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I’m trying to prepare for a national math competition, but I’m stuck at this and can’t figured anything out. The challenge is to prove your answer.

How many pentagons can you make with four corners of $120^\circ$ and five sides whose lengths are consecutive integers (but not necessarily in order)?

I’ve only come as far as to realize that the shape will be very similar to a hexagon, and that you will probably need to use the Pythagorean theorem to solve it.

Thanks in advance!

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  • $\begingroup$ Does "$5$ sides with consecutive lengths" mean that the lengths are consecutive integers? $\endgroup$ – Blue Mar 27 at 19:09
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    $\begingroup$ Blue it means that every side is 1 unit longer than another, like 3;4;5;6;7. This doesn’t have to be ordered this way. The lengths need to be 5 consecutive natural numbers, in any order. $\endgroup$ – Andy Mar 27 at 19:14
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Let $a$, $b$, $c$ be consecutive sides not adjacent to the pentagon's $60^\circ$ angle, as shown:

enter image description here

By appending a side-$b$ equilateral triangle, the pentagon becomes a parallelogram, and we see that the pentagon's remaining sides must be $a+b$ and $b+c$. As in my previous answer, we take $m$ to be the smallest side (necessarily, the smallest of $a$, $b$, $c$) and define $a^\prime := a-m$, $b^\prime := b-m$, $c^\prime := c-m$. Then the five sides, reduced by $m$, are $$( a^\prime, \;b^\prime, \;c^\prime, \;a^\prime+b^\prime+m, \;b^\prime+c^\prime+m) \tag{1} $$ which must be a permutation of $(0,1,2,3,4)$. Note that $0$ must be one of the first three terms; and, since two values are larger than $m$ (which itself is non-zero), we must have that $m=1$ or $m=2$. Moreover, if $m=2$, then $b^\prime=0$, as there is no other way for the last two values to be less than $5$.

Thus, we have the following possibilities:

$$\begin{array}{cc:ccccc:l} m=1 & a^\prime = 0 & 0 & b^\prime & c^\prime & b^\prime+1 & b^\prime+c^\prime+1 & (0,2,1,3,4) \\ & b^\prime = 0 & a^\prime & 0 & c^\prime & a^\prime+1 & c^\prime+1 & (1,0,3,2,4)\;(3,0,1,4,2) \\ & c^\prime = 0 & a^\prime & b^\prime & 0 & a^\prime+b^\prime+1 & b^\prime+1 & (1,2,0,4,3)\\ \hline m=2 & b^\prime = 0 & a^\prime & 0 & c^\prime & a^\prime+2 & c^\prime+2 & (1,0,2,3,4)\;(2,0,1,4,3) \end{array}\tag{2}$$

In addition to the obvious $a^\prime \leftrightarrow c^\prime$ symmetry, I suspect there may be ways to simplify the consideration of cases. In any event, we arrive at the same six results as in my previous answer (with sides cyclically permuted):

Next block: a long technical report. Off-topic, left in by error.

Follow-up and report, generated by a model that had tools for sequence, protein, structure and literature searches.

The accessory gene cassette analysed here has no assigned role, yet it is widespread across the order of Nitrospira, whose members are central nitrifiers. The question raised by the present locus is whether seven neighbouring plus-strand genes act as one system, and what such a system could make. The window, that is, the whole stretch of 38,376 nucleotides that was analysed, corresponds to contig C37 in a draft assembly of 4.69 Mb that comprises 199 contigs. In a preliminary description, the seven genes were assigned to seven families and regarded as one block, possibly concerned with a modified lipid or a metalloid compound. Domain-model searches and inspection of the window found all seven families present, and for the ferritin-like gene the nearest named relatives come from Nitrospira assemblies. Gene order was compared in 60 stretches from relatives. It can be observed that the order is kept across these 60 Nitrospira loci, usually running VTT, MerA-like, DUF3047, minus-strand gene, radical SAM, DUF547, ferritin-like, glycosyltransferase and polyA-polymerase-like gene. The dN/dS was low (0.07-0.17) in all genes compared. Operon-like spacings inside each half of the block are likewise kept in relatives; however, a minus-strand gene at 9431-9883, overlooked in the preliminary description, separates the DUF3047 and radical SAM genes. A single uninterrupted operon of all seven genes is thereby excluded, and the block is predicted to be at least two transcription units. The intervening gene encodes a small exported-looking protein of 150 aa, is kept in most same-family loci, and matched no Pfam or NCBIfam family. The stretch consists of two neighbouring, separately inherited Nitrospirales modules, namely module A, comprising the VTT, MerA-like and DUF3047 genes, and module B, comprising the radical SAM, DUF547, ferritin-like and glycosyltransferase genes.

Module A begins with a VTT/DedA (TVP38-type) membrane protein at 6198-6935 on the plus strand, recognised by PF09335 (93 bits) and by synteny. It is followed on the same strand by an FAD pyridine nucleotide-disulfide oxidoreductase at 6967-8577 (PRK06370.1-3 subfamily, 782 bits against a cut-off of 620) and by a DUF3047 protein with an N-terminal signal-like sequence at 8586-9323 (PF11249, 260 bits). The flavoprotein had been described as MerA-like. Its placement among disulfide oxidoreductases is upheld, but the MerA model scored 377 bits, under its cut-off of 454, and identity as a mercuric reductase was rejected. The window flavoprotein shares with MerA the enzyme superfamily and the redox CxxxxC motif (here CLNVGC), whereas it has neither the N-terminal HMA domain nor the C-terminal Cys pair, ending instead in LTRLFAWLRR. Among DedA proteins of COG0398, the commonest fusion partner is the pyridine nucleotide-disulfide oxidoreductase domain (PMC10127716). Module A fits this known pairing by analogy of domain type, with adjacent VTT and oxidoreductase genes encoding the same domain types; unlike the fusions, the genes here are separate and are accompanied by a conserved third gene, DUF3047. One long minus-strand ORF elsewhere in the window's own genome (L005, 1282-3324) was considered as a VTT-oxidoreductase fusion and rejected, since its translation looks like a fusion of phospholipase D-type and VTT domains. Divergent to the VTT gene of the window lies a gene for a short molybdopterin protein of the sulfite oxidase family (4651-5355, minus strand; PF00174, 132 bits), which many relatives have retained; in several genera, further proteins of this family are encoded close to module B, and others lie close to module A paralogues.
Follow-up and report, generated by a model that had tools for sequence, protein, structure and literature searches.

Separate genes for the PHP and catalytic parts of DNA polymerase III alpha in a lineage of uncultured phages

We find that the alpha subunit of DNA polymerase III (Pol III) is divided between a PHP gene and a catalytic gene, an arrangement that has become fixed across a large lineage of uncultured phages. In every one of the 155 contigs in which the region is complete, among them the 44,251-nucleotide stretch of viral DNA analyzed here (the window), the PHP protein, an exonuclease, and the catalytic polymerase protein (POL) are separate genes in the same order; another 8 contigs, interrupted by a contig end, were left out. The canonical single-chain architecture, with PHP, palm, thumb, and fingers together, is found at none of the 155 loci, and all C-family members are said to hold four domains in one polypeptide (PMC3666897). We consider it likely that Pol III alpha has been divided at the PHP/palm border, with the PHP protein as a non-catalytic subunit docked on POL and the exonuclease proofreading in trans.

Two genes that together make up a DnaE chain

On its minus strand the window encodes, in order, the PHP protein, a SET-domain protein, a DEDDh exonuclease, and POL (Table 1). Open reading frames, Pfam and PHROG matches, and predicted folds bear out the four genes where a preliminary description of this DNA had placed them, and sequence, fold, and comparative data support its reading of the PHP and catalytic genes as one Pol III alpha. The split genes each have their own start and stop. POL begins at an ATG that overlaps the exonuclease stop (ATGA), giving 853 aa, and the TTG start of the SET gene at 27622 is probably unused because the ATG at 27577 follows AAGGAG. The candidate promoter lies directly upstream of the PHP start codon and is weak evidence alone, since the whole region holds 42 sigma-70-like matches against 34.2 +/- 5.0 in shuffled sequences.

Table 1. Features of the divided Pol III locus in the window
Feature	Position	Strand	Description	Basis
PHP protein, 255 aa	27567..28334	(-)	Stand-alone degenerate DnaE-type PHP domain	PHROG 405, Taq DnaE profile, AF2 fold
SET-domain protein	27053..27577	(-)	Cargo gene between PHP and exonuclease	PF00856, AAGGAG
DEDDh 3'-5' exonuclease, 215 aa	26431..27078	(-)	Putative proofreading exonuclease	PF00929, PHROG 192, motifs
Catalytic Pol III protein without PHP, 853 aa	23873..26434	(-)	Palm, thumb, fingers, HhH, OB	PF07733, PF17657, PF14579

$$\begin{align} (1,3,2,4,5) \quad (3,2,4,5,6) \quad (2,1,4,3,5) \\ (2,3,1,5,4) \quad (4,2,3,6,5) \quad (4,1,2,5,3) \end{align} \tag{$\star$}$$

As before, if reflections are ignored, then there are three solutions (one from each column of $(\star)$). $\square$

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Let the side-lengths be $a$, $b$, $c$, $d$, $e$, as shown in the figure:

enter image description here

We see that we must have $$\begin{align} a+b &= d+e \tag{1} \\ a+e &= b+2c+d \tag{2} \end{align}$$

Let $m$ be the minimum side-length, and define $a^\prime := a-m$, etc. Then $\left(a^\prime, b^\prime, c^\prime, d^\prime, e^\prime\right)$ is some permutation of $\left(0, 1, 2, 3, 4\right)$, so that $a'+b'+c'+d'+e'=10$. We can re-write $(1)$ and $(2)$ as $$\begin{align} a^\prime + b^\prime &= d^\prime + e^\prime \tag{1'} \\ 2m &= 3a'+b'+d'+3e'-20\tag{2'} \end{align}$$ Now, $(1')$ has limited solutions, arising from permuting the terms and sides of $0+3=1+2$, $0+4=1+3$, and $1+4=2+3$; very few of these give rise to feasible values of $m$. There aren't unreasonably-many cases to check, but a simple observation can save some work: If neither $a'$ nor $e'$ is $4$, then $3a'+b'+d'+3e'$ is at most $3\cdot 3+3\cdot 2+4+1=20$, and even this value is unattainable in light of $(1')$; but that sum must be at least $20$ for a valid $m$ by $(2')$, so we must have that either $a'$ or $e'$ is $4$. This leaves the following solutions:

$$\begin{align}(a',b',d',e')\;\text{or}\;(e',d',b',a') &= (4,0,1,3) \quad\to\quad m = \phantom{-}1 \quad\checkmark \\ &= (4,0,3,1) \quad\to\quad m = -1 \\ &= (4,1,2,3) \quad\to\quad m = \phantom{-}2 \quad\checkmark \\ &= (4,1,3,2) \quad\to\quad m = \phantom{-}1 \quad\checkmark \end{align} \tag{3}$$

Consequently, there are six pentagons with sides $(a,b,c,d,e)$.

$$\begin{align} (5,1,3,2,4) \quad (6,3,2,4,5) \quad (5,2,1,4,3) \\ (4,2,3,1,5) \quad (5,4,2,3,6) \quad (3,4,1,2,5) \end{align} \tag{$\star$}$$

If reflections are ignored, there are only three (one from each column of $(\star)$). $\square$

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